David Bezar:
Yeah, this is a segment that people forget about when it comes to retirement planning and it’s called sequence of returns risk, right? I mean, simply, what is sequence of returns risk? It’s the risk of retiring during a downturn in the stock market. Now, if the stock market is falling during the first few years of your retirement, that combination of stock market losses and the need to withdraw money to pay for retirement, literally could have a devastating effect on your retirement nest egg. And then on top of it, if you’re forced to withdraw money from your account due to scheduled required minimum distributions, which your options are limited there, it can have even a more compounding effect. As a matter of fact, CNBC did an article, and one of the things I’d encourage you as a listener is to go Google sequence of return risk so you get a great understanding, because this is the one piece of the puzzle that if you don’t master, it could have a major, major problem for you.

David Bezar:
CNBC actually said, “Retiring in a downmarket can mean two thirds, less money for the rest of your life.” I hope he got that. CNBC reported, retiring during a down market can mean two thirds less money for the rest of your life. There’s a lot of great info here, right? Two people retiring just two years apart. The first one’s in a market downturn, the seconds in an upturn. 15 years later, if you look back that person who retired and took withdraws during that early period can end up having two thirds less for the rest of their lives. That’s a big, big deal. Now, we’re so used to the market going up, since the 2000s.

David Bezar:
We’re so used to it, but we got to remember history. There has absolutely been times in our past that we had extended periods of bear markets. And if you’re really paying attention to what’s going on with all the things that Bret said, stimulus, the balance sheet of the government just going through the roof. I watched something the other day that said Manhattan will probably never return. 60% of the restaurants will never reopen. I watched CNBC, Sam Zell was on it and said, “All of the financial district is basically abandoned at this particular …” If you’re just aware, if you just paying a little bit of attention, you got to say at some particular point, we’re going to see a pullback in the market.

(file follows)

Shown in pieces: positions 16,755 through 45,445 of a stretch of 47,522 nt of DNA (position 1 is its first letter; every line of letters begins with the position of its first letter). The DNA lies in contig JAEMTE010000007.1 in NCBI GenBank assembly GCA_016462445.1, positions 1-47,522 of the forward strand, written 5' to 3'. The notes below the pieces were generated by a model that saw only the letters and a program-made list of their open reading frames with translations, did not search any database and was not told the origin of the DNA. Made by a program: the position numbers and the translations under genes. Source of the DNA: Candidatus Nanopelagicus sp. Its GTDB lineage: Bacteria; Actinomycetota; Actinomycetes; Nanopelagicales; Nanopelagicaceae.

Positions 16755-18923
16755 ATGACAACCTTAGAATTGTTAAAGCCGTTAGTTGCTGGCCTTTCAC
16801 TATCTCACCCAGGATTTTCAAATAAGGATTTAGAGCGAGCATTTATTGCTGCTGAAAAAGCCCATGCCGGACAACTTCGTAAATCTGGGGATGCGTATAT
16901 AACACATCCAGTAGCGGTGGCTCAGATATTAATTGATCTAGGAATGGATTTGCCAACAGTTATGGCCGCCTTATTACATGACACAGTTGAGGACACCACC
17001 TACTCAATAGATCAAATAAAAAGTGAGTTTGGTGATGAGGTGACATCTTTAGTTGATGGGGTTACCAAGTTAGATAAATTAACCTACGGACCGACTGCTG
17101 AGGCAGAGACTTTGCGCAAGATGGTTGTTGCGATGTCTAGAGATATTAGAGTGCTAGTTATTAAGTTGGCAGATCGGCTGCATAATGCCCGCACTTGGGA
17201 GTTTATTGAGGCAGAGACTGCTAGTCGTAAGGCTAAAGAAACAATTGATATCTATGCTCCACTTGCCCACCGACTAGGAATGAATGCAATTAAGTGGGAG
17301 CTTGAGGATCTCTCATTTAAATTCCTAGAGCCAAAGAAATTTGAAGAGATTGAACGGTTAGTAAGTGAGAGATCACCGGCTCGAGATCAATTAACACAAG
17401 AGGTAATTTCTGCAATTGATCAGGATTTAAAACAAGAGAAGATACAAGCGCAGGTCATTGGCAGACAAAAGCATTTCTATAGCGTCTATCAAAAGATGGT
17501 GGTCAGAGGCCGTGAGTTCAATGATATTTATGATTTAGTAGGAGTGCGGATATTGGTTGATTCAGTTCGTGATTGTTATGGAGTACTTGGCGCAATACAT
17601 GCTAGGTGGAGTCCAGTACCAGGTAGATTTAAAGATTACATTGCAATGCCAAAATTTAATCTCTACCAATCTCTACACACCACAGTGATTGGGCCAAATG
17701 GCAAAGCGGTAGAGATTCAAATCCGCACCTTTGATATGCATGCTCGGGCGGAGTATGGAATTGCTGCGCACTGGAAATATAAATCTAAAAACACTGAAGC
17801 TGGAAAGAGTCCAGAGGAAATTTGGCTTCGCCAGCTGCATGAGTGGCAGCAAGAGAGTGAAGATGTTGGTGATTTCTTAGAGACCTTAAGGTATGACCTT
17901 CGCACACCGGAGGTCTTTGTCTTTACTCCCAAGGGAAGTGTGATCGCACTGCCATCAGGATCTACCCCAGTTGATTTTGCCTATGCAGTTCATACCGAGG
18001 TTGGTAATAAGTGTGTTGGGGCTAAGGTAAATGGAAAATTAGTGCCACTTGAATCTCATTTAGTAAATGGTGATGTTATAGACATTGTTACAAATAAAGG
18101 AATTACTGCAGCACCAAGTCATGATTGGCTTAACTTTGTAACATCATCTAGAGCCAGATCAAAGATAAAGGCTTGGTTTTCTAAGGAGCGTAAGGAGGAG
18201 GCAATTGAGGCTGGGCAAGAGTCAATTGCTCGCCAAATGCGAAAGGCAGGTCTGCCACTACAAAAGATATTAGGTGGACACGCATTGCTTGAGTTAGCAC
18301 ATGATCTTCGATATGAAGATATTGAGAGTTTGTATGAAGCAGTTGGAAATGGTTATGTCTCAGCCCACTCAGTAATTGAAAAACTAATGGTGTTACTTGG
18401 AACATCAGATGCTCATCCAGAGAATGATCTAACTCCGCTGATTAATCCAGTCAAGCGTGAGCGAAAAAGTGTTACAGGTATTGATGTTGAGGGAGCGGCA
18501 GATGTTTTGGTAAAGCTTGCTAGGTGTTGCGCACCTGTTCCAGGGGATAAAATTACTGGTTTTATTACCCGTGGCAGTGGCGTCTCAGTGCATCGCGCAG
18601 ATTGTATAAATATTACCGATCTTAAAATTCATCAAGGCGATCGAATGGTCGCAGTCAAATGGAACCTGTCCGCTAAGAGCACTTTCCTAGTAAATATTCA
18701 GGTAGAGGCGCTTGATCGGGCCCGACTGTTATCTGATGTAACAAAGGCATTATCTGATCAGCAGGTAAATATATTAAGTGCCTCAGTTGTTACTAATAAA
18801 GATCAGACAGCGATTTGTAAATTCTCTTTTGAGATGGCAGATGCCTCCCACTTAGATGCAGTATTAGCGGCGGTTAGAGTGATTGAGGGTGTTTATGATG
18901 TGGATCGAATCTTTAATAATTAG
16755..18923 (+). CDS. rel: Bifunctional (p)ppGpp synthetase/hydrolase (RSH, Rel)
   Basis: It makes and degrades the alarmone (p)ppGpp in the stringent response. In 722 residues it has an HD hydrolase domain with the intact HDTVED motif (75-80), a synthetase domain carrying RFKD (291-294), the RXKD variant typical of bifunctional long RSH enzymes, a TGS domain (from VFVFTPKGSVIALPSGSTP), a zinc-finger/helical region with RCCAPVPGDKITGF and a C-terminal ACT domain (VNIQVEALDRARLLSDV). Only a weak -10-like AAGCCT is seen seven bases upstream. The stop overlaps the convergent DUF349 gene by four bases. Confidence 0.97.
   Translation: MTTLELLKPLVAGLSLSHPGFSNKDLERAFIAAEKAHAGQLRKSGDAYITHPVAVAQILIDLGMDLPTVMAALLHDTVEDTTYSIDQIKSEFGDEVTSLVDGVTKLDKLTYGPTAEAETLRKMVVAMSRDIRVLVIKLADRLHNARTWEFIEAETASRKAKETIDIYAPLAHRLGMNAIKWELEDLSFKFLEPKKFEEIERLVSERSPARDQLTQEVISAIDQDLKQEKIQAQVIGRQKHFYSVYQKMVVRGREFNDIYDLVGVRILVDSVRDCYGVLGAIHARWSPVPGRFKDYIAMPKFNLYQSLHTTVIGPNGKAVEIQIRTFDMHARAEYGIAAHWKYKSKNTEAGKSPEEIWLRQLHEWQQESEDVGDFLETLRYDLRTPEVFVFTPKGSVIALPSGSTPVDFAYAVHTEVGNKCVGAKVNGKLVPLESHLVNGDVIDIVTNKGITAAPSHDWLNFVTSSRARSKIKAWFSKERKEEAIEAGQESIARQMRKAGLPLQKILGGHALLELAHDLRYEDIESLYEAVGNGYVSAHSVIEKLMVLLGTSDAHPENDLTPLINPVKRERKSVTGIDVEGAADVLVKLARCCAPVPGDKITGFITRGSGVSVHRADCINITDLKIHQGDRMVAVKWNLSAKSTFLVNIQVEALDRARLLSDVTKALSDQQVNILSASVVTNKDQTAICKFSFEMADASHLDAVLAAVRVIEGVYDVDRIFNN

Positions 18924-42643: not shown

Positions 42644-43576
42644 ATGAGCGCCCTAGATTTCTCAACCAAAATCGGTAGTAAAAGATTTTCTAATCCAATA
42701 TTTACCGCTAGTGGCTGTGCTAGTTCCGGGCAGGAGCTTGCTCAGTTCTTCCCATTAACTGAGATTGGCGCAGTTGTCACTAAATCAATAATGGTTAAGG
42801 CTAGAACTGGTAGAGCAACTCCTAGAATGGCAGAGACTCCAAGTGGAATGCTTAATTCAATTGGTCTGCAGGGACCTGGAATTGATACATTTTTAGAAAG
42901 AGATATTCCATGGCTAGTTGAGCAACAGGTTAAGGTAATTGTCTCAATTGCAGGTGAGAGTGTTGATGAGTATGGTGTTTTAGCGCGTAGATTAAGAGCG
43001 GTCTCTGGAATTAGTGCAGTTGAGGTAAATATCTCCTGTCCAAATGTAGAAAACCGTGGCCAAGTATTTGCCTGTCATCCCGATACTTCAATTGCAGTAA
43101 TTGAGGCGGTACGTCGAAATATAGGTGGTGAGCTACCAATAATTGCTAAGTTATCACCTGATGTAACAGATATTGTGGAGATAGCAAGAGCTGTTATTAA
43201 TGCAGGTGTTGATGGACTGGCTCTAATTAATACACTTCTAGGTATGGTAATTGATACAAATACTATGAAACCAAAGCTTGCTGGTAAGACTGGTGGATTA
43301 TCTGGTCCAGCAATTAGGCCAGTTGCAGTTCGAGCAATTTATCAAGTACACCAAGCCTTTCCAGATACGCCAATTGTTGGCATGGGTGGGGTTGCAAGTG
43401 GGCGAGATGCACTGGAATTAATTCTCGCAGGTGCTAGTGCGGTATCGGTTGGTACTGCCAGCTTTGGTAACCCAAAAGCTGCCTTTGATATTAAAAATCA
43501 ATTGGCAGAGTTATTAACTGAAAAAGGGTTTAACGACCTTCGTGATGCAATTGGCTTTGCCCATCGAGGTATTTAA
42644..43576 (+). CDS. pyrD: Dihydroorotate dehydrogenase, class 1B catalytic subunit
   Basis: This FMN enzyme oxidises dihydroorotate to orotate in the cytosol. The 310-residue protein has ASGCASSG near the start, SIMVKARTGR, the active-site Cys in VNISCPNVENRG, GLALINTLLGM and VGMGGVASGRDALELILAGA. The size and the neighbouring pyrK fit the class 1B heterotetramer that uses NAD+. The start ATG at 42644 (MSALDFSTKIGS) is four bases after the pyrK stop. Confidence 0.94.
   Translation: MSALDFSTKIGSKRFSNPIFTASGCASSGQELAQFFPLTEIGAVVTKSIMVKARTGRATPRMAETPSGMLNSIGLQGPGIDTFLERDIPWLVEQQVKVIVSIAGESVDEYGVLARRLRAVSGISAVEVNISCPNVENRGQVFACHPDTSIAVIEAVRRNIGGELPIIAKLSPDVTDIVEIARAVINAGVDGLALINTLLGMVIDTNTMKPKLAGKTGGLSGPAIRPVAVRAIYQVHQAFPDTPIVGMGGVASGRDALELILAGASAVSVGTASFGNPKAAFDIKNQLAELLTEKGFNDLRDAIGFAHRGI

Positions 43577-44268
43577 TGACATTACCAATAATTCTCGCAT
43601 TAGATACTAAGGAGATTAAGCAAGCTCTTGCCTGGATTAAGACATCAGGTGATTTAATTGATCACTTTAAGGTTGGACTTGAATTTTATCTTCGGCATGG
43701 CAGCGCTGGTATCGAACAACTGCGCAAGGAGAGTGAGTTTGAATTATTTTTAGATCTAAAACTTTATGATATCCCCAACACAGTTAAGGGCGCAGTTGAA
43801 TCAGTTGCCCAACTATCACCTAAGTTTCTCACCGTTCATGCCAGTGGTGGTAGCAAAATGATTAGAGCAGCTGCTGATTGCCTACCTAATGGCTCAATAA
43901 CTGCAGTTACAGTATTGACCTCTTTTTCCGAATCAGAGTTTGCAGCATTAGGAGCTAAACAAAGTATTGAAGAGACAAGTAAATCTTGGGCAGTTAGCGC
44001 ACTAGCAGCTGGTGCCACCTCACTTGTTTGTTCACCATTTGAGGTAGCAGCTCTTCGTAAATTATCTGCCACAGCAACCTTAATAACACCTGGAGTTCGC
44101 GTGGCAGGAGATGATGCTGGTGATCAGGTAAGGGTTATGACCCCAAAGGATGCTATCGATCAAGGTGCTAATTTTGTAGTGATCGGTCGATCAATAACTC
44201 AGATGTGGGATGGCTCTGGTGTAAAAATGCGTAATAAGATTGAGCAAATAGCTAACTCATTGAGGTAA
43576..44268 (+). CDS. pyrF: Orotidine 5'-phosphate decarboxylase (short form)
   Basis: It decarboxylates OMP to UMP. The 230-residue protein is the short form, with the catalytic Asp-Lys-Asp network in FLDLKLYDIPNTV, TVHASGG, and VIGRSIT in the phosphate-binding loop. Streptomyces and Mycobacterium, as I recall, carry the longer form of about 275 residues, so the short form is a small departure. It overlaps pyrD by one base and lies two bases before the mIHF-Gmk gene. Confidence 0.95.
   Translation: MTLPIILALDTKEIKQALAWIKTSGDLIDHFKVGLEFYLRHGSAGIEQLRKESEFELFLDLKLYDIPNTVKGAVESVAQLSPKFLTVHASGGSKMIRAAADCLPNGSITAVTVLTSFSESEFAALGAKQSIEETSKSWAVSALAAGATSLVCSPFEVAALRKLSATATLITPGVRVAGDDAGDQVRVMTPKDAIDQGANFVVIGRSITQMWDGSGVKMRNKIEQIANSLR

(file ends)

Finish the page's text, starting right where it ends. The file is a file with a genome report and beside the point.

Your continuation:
Bret Elam:
Yeah. Just pay a little bit of attention. David said it right there. Again, so much dislocation between the market’s-

Joe Krause:
[crosstalk 00:24:50] It’s so hard hear.

Bret Elam:
And thought it is, but it’s a reality, and it’s our job to just talk about what’s true out there. And David did a great job of talking about the two different people retiring during different downturns. We illustrate this, we talk about this on our webinars and our workshops and here, even on the radio and people are like, “Oh, you’re choosing the right data points that you’re just abusing data.” And that’s what David said go Google sequence of returns risk. Again, when you have a 401(k) and you watch the market go down, it makes your stomach gets sick. But again, if you’re newly retired, you need to think about what David just talked about. And that added risk that we now need to think about. People think the biggest risk. It doesn’t come from the losses experienced today. Again, you need to keep in mind that once you start taking the income, especially during the market downturn, you’re more vulnerable. It’s exactly what David was just chatting about to the market volatility due to that sequence of returns risk.

Bret Elam:
Again, when you’re a retiree, now you have to, you’re withdrawing money and the market is down, again, those losses are locked in. And again, when the market comes back up, you lost that potential. You’re not going to have that money back into the market because now it’s being spent. So again, these losses will diminish those remaining overall assets. And what you find is you have to take out a greater and a greater amount of money year over year. And again, if you have that unfortunate luck of retiring amongst the several bad years, again, you don’t know what’s going to happen. I’ve been in this business, I’ve seen it in 2000. I’ve seen it in 2008. And we’re seeing it again about people that retire during those timeframes, were right back at work. And again, you have no idea when it’s going to happen, but we need to understand that that risk is very real.

Karen Bezar:
I agree. And stock market can be dangerous territory, but more so when you’re heading into retirement or when you’re in retirement. Remember, we saw stock market drop 36% in 22 days. I want you to remember that nauseated feeling when you saw the market ticking down, it was one of the fastest we had in history, and this was all due to the coronavirus pandemic. And could we have a second wave? Is this going to happen again? Stocks are going to start tumbling? We don’t know for sure, but unemployment is through the roof right now, we’re having talks over recession and many experts believe that stocks are definitely going to be primed for a separate drop. So if that’s what’s going on out there, don’t you want to prepare yourself, be prepared for this?